Nursing is one of the oldest jobs in the world. Since the earliest days of human society, we have needed empathetic and motivated people to care for the sick and injured, and we will need them for many years to come. Medical knowledge, technology, and treatments are evolving all the time, and a knock-on effect of this is that nursing has become even more varied and challenging. The potential career paths for nurses are numerous, as is the opportunity for advancement and higher earning potential.
The key to success and nursing progression lies in continued education and certification, which enables nurses to hone their skills and focus on their interests. Here are 15 of the possible career specialties and certifications available to Registered Nurses.
1. Hospital Ward Nurses
The majority of nursing graduates will begin their careers in a hospital. While doctors diagnose conditions and prescribe treatment, much of the daycare and support for patients is provided by the nurses. Hospital nurses will encounter patients from different demographics with lots of different conditions, and this provides graduates with a wealth of experience with which to kickstart their careers.
2. Operating Room Nurses
Patients are often in hospital for a surgical procedure, and an operating room nurse will provide care for patients before, during, and after surgery. This role requires specialized skills and knowledge of surgical techniques for a range of procedures. Many become certified as an operating room nurse to help patients prepare for surgery (which can be emotionally challenging). Some specialize in helping them recover emotionally and physically afterward.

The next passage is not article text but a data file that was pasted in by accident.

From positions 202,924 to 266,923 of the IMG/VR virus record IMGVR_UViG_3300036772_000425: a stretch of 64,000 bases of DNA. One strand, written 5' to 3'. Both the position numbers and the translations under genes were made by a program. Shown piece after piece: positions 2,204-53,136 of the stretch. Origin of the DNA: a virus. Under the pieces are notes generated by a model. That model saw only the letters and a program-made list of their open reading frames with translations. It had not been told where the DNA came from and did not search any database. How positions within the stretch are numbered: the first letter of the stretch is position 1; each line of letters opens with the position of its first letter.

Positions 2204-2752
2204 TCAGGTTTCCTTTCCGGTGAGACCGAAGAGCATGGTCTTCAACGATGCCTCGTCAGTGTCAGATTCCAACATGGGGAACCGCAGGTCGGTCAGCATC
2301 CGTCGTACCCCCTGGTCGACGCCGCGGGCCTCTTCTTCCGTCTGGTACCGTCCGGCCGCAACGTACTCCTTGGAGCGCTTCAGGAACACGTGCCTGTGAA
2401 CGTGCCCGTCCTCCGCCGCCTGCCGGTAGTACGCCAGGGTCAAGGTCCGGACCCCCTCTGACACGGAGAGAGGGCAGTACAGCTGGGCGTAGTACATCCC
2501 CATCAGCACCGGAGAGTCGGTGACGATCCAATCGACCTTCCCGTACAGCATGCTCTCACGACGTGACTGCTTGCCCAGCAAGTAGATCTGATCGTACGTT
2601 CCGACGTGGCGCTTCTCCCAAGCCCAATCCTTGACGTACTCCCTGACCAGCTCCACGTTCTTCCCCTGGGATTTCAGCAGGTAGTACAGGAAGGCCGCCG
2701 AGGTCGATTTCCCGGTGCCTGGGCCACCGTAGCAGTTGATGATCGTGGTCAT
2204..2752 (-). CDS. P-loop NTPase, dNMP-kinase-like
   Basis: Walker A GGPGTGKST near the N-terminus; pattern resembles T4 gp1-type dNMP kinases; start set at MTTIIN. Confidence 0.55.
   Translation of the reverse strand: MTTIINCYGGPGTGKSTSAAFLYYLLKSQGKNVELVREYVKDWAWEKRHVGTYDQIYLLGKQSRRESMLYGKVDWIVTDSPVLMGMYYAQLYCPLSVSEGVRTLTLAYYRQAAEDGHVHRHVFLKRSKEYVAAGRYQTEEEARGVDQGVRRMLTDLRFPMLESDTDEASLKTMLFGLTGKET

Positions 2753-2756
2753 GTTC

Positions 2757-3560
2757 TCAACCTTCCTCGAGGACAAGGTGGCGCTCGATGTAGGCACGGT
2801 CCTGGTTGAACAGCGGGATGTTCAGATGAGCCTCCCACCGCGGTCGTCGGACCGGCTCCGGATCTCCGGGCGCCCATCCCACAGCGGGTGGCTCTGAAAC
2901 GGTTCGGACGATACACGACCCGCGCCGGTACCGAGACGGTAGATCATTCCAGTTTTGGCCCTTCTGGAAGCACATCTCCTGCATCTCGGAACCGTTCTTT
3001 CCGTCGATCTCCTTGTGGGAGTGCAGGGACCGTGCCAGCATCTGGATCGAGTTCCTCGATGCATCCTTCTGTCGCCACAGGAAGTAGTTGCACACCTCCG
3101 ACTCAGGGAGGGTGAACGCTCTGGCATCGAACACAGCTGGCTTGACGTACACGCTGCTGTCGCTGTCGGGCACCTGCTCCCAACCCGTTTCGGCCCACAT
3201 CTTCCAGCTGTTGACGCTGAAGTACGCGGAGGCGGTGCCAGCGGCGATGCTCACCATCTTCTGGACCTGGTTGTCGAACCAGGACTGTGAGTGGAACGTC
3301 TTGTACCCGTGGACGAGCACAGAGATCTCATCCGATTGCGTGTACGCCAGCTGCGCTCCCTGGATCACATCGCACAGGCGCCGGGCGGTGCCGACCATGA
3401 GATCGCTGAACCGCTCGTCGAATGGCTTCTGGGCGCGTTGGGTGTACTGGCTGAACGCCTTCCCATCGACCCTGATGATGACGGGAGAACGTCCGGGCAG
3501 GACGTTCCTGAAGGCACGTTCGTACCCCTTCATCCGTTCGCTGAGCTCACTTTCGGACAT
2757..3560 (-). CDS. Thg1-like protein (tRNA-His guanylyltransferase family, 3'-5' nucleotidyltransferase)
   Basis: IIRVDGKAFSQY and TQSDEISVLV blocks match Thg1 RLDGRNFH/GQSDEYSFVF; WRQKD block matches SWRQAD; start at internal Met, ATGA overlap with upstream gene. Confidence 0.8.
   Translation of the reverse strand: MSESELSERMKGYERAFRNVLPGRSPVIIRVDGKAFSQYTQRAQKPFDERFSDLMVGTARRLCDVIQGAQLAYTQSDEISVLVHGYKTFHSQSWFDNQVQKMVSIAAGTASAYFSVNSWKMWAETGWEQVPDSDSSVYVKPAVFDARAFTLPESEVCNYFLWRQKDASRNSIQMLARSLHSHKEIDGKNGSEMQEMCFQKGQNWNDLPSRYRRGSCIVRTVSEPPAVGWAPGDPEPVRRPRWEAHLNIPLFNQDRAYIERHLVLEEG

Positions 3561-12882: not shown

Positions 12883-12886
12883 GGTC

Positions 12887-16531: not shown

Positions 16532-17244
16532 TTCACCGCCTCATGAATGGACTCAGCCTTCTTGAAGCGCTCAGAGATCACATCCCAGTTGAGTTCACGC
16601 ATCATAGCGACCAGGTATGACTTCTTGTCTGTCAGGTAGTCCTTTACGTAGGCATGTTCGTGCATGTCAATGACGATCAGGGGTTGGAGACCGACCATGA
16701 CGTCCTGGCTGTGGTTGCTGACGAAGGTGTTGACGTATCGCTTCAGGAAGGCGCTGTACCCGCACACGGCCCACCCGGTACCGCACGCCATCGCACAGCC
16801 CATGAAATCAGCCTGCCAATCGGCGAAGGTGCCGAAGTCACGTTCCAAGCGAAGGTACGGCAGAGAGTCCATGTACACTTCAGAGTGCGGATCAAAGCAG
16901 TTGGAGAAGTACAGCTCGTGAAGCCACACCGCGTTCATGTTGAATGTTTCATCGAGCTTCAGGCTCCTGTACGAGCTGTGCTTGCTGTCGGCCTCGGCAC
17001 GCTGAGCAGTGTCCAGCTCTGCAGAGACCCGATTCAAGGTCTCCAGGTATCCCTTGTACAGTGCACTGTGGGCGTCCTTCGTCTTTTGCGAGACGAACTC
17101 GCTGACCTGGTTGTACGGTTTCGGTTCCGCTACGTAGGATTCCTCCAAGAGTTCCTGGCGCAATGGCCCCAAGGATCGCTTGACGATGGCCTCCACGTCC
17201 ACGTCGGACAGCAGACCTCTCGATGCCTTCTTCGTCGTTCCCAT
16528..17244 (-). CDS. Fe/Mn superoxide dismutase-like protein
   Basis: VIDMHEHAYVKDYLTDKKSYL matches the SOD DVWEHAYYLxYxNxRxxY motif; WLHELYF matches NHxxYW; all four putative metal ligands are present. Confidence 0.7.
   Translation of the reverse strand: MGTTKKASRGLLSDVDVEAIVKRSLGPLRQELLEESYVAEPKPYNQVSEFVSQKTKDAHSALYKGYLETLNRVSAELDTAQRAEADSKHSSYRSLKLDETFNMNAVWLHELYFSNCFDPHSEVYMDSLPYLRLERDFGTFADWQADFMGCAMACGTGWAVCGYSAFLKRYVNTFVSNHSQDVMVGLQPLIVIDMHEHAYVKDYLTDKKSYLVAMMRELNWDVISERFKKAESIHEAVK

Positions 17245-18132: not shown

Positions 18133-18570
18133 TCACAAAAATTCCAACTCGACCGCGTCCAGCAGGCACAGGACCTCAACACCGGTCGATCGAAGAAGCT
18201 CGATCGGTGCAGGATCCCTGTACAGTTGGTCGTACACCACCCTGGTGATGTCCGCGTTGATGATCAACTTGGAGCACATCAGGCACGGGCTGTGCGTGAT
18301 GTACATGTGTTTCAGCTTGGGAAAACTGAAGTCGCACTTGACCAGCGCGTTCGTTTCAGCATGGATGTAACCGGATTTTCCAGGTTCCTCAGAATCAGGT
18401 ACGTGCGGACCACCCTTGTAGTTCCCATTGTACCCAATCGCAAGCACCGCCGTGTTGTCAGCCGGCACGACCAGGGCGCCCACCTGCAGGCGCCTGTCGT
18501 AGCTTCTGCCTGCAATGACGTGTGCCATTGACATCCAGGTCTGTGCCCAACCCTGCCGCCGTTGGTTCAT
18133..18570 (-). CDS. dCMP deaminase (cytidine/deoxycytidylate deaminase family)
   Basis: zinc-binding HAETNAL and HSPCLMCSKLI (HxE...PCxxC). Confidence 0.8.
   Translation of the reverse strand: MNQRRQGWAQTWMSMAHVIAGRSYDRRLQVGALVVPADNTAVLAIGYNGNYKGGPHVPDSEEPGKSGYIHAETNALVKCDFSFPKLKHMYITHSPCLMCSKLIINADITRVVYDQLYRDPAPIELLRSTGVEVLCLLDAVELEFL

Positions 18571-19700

4. Family Nurse Practitioner
A Registered Nurse who has achieved a Master of Science in Nursing and has been certified as a licensed Family Nurse Practitioner (FNP) has autonomy and responsibilities which surpass those of a Registered Nurse. Typical family nurse practitioner responsibilities include examining and diagnosing patients (including ordering laboratory work), and prescribing medication and treatment. An FNP can work with patients of any age and can manage a private practice just like a doctor in some states.
Nursing Practitioners earn over $100,000 per year, on average, and are regarded as the most accomplished people in the nursing profession. If you like the sound of being a Nurse Practitioner but are interested in a particular demographic of patient or medical field rather than being an FNP, you can choose to specialize.
5. Cardiac Nurses
Cardiac nurses work with patients who have undergone or are about to undergo treatment and/or surgery on their hearts. This means that cardiac nurses can encounter patients who are outpatients, i.e., those being monitored because of previous cardiac issues or underlying cardiac conditions. Still, they can also work with patients who have had heart attacks and/or open-heart surgery.
6. Intensive Care Nurses